July

1926

Coal unloading at a pulverizing plant in Colorado

coal unloading at a pulverizing plant in Colorado

1956

British heating engineers develop electrified wallpaper that operates on radiant heat.

Electronic heating elements, in the form of flat foil, are bonded to the back of the paper, which is then insulated. According to reports, a room can be warmed within a few minutes after the wallpaper is “turned on.”

1968

Meter could be part of a planter or carriage lantern.
Meter could be part of a planter or carriage lantern.

Utilities attempt to make metering equipment
aesthetics more acceptable in many ways:

1. Lowering minimum height required for installations.
2. Locating meters in less conspicuous places.
3. Encouraging customers to paint meter sockets to match buildings.
4. Using semiflush meter mountings.
5. Using socket meters on residential CT installations.
6. Using self-contained meters on free-standing supports located inconspicuously at the lot line.
7. Installing meters at pad-mount transformers.
8. Using low-profile meter pedestals with URD installations.
9. Encouraging use of factory-assembled combination meter socket and breaker units for installation of four units or more.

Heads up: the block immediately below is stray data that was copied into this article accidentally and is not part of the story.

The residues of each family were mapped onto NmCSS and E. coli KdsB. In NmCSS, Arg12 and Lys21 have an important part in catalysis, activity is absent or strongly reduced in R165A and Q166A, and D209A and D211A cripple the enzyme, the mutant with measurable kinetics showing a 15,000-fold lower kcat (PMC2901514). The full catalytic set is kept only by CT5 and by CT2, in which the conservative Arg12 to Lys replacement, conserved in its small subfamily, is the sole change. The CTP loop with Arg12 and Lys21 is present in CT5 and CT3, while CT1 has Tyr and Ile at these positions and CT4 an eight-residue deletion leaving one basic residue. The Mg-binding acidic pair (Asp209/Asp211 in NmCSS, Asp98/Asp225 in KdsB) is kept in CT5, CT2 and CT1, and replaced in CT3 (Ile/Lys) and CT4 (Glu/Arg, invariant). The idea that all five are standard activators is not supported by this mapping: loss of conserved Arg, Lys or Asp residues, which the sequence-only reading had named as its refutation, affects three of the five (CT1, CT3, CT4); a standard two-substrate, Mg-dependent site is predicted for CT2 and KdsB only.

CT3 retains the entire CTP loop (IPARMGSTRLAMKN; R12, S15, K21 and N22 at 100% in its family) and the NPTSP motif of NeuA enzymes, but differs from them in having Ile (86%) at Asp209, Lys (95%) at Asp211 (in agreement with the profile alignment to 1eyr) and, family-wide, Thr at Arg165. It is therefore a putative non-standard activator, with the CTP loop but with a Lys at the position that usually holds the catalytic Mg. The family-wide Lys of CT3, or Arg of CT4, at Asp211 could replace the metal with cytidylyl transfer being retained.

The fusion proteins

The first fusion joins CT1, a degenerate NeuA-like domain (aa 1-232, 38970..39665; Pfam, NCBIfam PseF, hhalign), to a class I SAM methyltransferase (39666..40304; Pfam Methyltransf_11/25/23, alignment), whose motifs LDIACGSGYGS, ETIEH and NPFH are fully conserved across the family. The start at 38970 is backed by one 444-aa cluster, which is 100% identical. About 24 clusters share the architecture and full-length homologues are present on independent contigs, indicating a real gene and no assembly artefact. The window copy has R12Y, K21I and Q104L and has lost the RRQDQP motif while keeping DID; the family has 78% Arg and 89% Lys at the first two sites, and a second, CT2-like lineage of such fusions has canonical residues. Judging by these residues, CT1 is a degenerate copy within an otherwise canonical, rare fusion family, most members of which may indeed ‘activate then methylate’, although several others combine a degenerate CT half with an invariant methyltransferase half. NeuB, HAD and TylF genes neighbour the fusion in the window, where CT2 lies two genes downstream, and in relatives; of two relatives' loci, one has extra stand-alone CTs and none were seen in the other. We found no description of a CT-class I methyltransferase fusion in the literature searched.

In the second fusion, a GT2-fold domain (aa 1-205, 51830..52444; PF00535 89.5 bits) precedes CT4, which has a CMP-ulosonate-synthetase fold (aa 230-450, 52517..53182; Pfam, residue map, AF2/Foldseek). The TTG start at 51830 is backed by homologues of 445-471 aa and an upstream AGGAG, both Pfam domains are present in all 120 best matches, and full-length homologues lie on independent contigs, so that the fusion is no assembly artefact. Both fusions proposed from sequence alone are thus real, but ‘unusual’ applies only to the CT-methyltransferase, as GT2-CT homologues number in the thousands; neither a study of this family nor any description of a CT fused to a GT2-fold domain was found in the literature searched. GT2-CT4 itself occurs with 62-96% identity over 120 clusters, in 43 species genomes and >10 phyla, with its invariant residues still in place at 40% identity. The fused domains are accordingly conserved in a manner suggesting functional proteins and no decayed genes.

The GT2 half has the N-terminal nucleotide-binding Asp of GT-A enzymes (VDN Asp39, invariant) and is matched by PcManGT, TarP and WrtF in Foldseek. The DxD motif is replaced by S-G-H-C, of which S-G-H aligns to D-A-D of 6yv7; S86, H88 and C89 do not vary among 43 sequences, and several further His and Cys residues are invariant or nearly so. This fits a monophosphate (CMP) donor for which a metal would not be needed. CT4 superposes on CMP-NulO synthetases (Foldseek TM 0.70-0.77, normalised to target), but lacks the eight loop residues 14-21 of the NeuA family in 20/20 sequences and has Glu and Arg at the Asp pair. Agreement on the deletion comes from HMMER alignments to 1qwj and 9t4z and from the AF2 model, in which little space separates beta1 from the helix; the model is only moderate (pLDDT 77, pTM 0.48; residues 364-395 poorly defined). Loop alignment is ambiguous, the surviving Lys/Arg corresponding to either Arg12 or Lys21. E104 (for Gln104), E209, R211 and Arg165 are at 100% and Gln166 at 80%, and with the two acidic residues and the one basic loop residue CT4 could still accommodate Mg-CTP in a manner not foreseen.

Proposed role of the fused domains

10. Supplying factory-wired gang-type meters
for installations of up to six units.
Mailbox meter installtion is easy on the eyes.
Mailbox meter installtion is easy on the eyes.

1979

New automatic telephone answering system saves Anaheim utility department $2,273 annually over telephone company-recommended 4A call distributor system.

New automatic telephone answering system

Calls are recorded on tapes and later converted to trouble
reports by clerical staff.

1999

Panel of three judges of U.S. Circuit Court of Appeals for the District of Columbia rule 2-to-1: EPA’s ozone particulates limits are unconstitutional.

The court says the EPA interpreted sections of the Clean Air Act “so loosely as to render them unconstitutional delegations of legislative power.” The court also refers to the “nondelegation doctrine” in its decision. This doctrine holds that certain issues are too important for Congress to delegate to administrative agencies.

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